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Married 70 years

Walkin'

Harold and Vernabelle (nee Sickler) Fleck marked their 70th anniversary this April in their longtime home in Rolling Meadows, Illinois.
Harold is the son of a butcher and grocery store keeper on Chicago’s north side. After WWII ended, Harold got out of the army and took a job as a deliveryman for the Marshall Fields Department Store. Vern was a farm girl from Wisconsin who came to the big city with her twin sister Isabelle to take jobs at the War Bond Department, housed in the Merchandise Mart.
They met by chance through a roommate.
Harold let it be known he had a “real good car”– a 1937 DeSoto, which actually belonged to his father. “I didn’t like him at first, but he had a job and a car,” Vern recalled. Soon the two were dating.
“Things were different in those days,” Harold recalled, “I was making about a dollar an hour and didn’t have much spending money.”
A typical date was a picnic in a public forest preserve. If Harold was feeling flush, they might stop and buy lunch rather than packing their own meal. Harold– who to this day has yet to find a joke too corny to tell– liked to get a whole barbecued chicken so he could use one of his favorite lines: “Wanna neck?”
Their romance progressed quickly, and within a year Harold wrote Vern’s father asking permission to marry his daughter. He got it.
Neither Vern nor Harold recalled any specific proposal, “it was just something we decided to do,” Vern recalled.
So on April 5, the day before Easter in 1947, the two were married at the Bethany Lutheran Church in Chicago. Harold’s best friend, Hank Nelson, and Isabelle were the attendants, and the respective parents were the only other people present.
During the next decade three sons arrived, Bruce, Brad and Brian, and the family rented several places in the Chicago area. Through part time jobs performed by Harold and an austere budget kept by Vern, they saved $500 for a down payment in 1957 for a home in a booming development town called Rolling Meadows. The $14,495 mortgage was burned 30 years later.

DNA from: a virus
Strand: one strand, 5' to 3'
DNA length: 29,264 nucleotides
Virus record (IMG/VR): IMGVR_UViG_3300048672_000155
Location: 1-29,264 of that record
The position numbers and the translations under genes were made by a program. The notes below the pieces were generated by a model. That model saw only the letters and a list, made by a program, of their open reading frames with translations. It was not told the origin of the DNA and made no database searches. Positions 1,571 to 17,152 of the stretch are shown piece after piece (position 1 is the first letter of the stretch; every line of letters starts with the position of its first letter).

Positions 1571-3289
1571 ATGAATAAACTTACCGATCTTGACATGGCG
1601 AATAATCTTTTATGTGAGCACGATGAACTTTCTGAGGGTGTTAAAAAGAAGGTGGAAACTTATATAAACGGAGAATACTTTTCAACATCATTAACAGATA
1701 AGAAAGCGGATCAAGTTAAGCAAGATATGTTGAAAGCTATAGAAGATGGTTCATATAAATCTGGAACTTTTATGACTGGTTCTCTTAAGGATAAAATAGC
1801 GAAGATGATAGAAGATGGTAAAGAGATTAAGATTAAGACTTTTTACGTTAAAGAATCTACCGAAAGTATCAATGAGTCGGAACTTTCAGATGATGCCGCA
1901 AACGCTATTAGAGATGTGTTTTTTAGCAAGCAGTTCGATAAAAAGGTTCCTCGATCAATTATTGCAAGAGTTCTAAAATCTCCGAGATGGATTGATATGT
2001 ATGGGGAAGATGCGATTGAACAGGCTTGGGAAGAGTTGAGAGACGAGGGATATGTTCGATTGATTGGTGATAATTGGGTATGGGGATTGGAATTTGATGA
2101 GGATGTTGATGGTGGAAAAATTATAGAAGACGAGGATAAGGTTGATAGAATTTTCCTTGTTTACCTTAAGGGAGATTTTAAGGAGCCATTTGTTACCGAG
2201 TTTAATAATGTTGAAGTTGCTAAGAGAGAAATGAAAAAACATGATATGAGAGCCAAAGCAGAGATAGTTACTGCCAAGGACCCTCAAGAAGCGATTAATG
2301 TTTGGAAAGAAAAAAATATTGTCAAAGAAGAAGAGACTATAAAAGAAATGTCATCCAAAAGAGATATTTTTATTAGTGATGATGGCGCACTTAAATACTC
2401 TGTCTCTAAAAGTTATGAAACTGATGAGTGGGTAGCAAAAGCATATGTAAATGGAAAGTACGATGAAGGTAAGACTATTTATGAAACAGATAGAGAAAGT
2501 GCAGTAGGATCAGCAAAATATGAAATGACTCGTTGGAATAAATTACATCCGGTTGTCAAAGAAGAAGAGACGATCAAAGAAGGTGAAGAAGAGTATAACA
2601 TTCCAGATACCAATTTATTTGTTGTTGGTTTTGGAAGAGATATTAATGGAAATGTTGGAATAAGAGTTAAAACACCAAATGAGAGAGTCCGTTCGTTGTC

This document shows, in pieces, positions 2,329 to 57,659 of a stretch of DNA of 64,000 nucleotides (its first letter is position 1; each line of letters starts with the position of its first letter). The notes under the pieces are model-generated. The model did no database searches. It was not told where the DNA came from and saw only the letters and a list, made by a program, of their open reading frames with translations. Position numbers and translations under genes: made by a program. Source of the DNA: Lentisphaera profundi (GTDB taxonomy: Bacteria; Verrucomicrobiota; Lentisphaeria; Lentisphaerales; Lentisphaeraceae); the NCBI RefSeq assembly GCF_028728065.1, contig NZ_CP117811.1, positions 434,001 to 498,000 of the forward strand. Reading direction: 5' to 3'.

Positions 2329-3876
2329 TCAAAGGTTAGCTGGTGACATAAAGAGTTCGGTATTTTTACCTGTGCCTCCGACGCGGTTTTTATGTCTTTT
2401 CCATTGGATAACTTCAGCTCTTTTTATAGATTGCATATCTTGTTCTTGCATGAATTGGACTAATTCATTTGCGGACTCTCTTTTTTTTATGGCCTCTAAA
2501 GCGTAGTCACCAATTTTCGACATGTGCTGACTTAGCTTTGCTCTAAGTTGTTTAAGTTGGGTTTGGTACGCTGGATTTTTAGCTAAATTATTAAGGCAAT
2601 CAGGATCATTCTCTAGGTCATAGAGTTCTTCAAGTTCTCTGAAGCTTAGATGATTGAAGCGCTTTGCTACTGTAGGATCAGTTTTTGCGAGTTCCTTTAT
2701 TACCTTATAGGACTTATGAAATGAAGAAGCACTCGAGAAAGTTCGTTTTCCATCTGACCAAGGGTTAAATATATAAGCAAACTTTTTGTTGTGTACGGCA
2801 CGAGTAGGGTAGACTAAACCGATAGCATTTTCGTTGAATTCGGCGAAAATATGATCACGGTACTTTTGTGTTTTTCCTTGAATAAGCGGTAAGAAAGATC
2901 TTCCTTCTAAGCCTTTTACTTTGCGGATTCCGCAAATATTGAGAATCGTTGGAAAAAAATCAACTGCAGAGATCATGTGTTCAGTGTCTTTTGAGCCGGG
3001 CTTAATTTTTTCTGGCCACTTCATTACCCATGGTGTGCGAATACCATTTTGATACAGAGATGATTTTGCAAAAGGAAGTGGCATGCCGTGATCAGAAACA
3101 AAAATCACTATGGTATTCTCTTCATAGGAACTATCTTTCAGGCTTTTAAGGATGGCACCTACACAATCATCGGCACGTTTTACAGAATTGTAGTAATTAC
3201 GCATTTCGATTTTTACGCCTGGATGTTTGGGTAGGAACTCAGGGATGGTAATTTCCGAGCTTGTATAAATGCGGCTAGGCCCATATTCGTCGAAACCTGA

They joined the Trinity Lutheran Church, and Vern was the “church lady” for decades, taking care of a wide variety of chores. She also worked for the McDonalds Restaurant in Mt. Prospect, where her hamburger flipping skills were noted far and wide.
Besides his job at Marshal Fields, Harold worked early mornings delivering newspapers. He typically took a week of vacation time off before Easter and delivered lilies for a greenhouse. He was also a skilled garage mechanic and fixed more than a few cars in his day.
Daughter Bonnie (now deceased) arrived. When Harold’s sister died, they opened up their home to her three girls for a couple of months. Vern cooked for the kids in shifts, and Harold kept the schedule for the one shower. “What’s one more mouth to feed?” Vern often asked. Their last child, Robert (Bob) arrived in 1964.
Both love to play cards and helped organized a neighborhood traveling card party. To this day cards are played at family gatherings, and score is kept with nickels. The winner always makes enough for at least one toll on the road home. They both enjoy also enjoyed fishing, and many a fish fry was relished at their home.
They have six grandchildren and nine great-grandchildren.
What’s the secret to a long-lasting marriage? “Smile a lot,” Harold will tell you and have a good wife.
The Flecks will celebrate their anniversary with their sons and daughter-in-laws on April 15, the day before Easter.